In July 2004, federal prosecutors in Brooklyn claimed to have convicted 75 mobsters or associates of the Bonanno family in the 4 preceding years. In June 2005, 12 Bonanno family member and associates, 7 over the age of 70, including acting Rabito were indicted and arrested on charges of operating a $10 million a year gambling ring."
After the arrest of Massino, Vincent Basciano became acting boss. In 2006, Basciano was convicted in a racketeering trial for attempted murder and running an illegal gambling operation. However, due to a hung jury, Basciano was not convicted of the 2001 murder of Frank Santoro. After Basciano's first murder trial, prosecutors retried him on those counts on which the jury hung in the first trial. On August 1, 2007, Basciano was convicted of murdering Santoro, who tried to kidnap Basciano's son, and was subsequently sentenced to life imprisonment. He named Brooklyn business owner Salvatore "Sal the Ironworker" Montagna, as his "acting boss" during his trials. Montagna was closely associated with the Bonanno Sicilian faction, including Baldo Amato and capo Cesare Bonventre. Nicholas "Nicky Mouth" Santora served as "acting underboss" and Anthony Rabito as the alleged consigliere.
On February 6, 2007 acting underboss Nicholas Santora, acting consigliere Anthony Rabito, captains or former captains Jerome Asaro, Joseph Cammarano, Jr. and Louis Decicco were indicted on racketeering charges.
Following the deportation of Montagna to Canada in 2009, he was succeeded by Vincent Badalamenti as Bonanno family acting boss.
In 2013, Michael Mancuso was named the new official boss of the family. Mancuso is the first man to hold the official boss title since Massino became a government witness in 2004. Mancuso's underboss Thomas DiFiore took over as acting boss in his absence, but was replaced by Joseph Cammarano, Jr in 2014 following DiFiore's arrest, guilty plea and 21-month prison sentence. In December 2016, the FBI observed over a dozen ranking members of the family host a dinner together in recognition of Cammarano's new position.
Bonanno associate, Charles "Charlie Pepsi" Centaro, was sentenced to 33 months in prison on September 15, 2015, after being convicted of money laundering, it was alleged that he had laundered over $500,000. Centaro, along with Bonanno/Gambino associate Franco Lupoi were involved in a large cocaine, heroin and weapons trafficking operation that stretched from New York to Italy. The Gambino crime family from New York and the 'Ndrangheta Mafia from Calabria were also involved.
In November 2017, the FBI arrested several individuals in New York City, including members and associates of the Bonanno and Gambino crime families on charges of narcotics trafficking, loansharking and firearms offenses. They included Damiano Zummo, a reputed acting captain in the Bonanno crime family. In November 2015, Zummo was involved in the induction ceremony of an undercover police agent, which was secretly recorded, in Canada. Zummo played a major role in the ceremony and named others at a higher level in the organization on the recording. A Brooklyn court official later said, "The recording of a secret induction ceremony is an extraordinary achievement for law enforcement and deals a significant blow to La Cosa Nostra." The recording also led to the arrest of 13 mobsters.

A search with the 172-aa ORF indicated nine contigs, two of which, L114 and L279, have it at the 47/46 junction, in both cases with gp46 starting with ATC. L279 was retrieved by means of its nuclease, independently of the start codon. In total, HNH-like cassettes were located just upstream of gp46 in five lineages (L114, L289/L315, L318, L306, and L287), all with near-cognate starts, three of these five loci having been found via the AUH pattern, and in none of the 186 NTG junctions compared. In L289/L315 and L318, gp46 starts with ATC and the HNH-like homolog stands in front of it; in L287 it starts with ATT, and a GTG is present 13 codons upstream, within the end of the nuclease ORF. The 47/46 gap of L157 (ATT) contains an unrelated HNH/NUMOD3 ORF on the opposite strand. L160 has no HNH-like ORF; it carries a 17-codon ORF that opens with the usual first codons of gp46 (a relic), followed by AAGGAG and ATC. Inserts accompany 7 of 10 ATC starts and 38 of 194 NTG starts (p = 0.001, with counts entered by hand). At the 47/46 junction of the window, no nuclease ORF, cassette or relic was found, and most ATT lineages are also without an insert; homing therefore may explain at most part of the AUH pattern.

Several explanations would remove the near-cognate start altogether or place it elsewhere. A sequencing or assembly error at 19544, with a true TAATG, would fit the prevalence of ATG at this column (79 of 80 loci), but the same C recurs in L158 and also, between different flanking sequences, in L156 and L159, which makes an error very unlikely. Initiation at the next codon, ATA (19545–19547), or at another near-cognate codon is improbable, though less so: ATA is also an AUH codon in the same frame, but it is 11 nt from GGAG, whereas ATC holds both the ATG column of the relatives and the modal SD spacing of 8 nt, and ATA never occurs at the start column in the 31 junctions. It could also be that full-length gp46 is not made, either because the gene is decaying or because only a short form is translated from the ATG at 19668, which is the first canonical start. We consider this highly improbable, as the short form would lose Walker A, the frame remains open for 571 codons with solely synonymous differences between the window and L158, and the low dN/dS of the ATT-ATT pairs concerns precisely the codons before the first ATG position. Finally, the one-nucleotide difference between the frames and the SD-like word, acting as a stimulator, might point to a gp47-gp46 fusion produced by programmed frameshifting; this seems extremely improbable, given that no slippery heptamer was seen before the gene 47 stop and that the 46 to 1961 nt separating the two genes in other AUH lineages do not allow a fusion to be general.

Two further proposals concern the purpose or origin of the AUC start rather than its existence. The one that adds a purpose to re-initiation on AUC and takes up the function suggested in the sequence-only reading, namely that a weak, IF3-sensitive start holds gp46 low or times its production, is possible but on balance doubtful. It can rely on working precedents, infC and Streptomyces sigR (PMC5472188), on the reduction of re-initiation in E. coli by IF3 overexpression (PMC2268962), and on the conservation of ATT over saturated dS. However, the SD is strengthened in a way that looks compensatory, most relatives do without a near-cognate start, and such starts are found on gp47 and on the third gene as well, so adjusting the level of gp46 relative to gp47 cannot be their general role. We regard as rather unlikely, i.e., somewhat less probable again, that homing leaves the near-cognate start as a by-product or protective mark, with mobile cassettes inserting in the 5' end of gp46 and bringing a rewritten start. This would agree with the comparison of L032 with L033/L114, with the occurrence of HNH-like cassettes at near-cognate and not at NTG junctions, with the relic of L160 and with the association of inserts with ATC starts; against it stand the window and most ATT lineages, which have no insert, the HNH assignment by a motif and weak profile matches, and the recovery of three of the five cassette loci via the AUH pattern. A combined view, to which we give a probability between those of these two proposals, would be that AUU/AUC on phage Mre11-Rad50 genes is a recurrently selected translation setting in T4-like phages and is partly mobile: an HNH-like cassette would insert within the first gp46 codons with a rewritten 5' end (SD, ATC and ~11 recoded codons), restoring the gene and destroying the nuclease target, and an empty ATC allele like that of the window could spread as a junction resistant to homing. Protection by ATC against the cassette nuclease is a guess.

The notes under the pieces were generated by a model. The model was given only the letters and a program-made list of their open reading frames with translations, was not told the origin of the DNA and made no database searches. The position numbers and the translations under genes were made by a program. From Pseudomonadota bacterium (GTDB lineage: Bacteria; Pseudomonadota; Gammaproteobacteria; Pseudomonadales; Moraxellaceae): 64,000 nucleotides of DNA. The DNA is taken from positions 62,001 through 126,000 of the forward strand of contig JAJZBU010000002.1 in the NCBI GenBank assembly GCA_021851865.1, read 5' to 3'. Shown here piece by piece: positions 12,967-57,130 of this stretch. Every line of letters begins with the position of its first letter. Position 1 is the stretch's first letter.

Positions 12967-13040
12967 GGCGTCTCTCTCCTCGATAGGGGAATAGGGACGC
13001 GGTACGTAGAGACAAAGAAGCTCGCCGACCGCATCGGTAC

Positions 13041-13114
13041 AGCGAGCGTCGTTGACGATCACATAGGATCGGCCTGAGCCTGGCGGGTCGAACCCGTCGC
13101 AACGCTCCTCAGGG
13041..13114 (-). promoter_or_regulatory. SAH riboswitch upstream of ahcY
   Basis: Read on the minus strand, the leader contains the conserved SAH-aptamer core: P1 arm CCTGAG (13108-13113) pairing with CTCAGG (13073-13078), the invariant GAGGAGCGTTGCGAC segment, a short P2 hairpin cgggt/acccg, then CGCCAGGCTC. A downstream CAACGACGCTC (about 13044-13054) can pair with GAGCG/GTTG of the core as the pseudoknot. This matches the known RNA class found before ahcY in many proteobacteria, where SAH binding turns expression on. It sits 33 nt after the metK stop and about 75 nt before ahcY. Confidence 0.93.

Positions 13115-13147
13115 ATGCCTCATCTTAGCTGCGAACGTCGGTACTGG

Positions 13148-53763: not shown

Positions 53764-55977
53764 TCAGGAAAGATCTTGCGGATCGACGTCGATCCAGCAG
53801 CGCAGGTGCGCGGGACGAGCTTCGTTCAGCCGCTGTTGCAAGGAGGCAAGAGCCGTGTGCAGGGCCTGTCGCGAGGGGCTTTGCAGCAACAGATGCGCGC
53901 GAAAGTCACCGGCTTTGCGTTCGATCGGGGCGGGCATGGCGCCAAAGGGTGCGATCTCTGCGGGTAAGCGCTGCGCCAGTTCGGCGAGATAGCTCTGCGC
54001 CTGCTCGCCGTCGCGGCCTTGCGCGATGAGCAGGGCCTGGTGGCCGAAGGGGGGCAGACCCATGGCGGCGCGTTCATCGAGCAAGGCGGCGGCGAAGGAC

On January 12, 2018, 8 members of the Bonanno family were arrested and charged with racketeering, extortion and related offenses. Street boss Joseph Cammarano Jr. and consigliere John "Porky" Zancocchio were included. Genovese and Lucchese crime family members Ernest Montevecchi and Eugene "Boobie" Castelle were also arrested. The charges were assault and aid resulting in serious bodily injury, extortion, loansharking, wire and mail fraud, narcotics distribution, conspiracy to commit murder, extortion conspiracy, racketeering and racketeering conspiracy. Joseph "Joe Valet" Sabella was identified as a captain and George Tropiano as an acting capo. Made members Domenick Miniero, Albert "Al Muscles" Armetta and Joseph "Joey Blue Eyes" Santapaolo were charged with RICO and extortion conspiracy, Armetta was accused of assaulting a person on Halloween in 2015.
On August 15, 2018, Judge Dora Irizarry sentenced nephew of Vincent Asaro and former Bonanno acting captain, Ronald Giallanzo, to 14 years imprisonment. Giallanzo was previously arrested in March 2017 alongside Bonanno soldiers Michael Palmaccio and Nicholas Festa. Festa and Palmaccio admitted to the extortion of 7 individuals and each paid $500,000 in forfeiture. Giallanzo was accused of operating a loanshark and illegal gambling business from 1998 to 2017. He agreed to pay $1.25 million in forfeiture and to sell his five-bedroom mansion in Howard Beach, Queens which was constructed using the criminal proceeds of his loansharking business. He was ordered to pay $268,000 in restitution to his victims and admitted to his participation of extending and collecting extortionate loans from five individuals.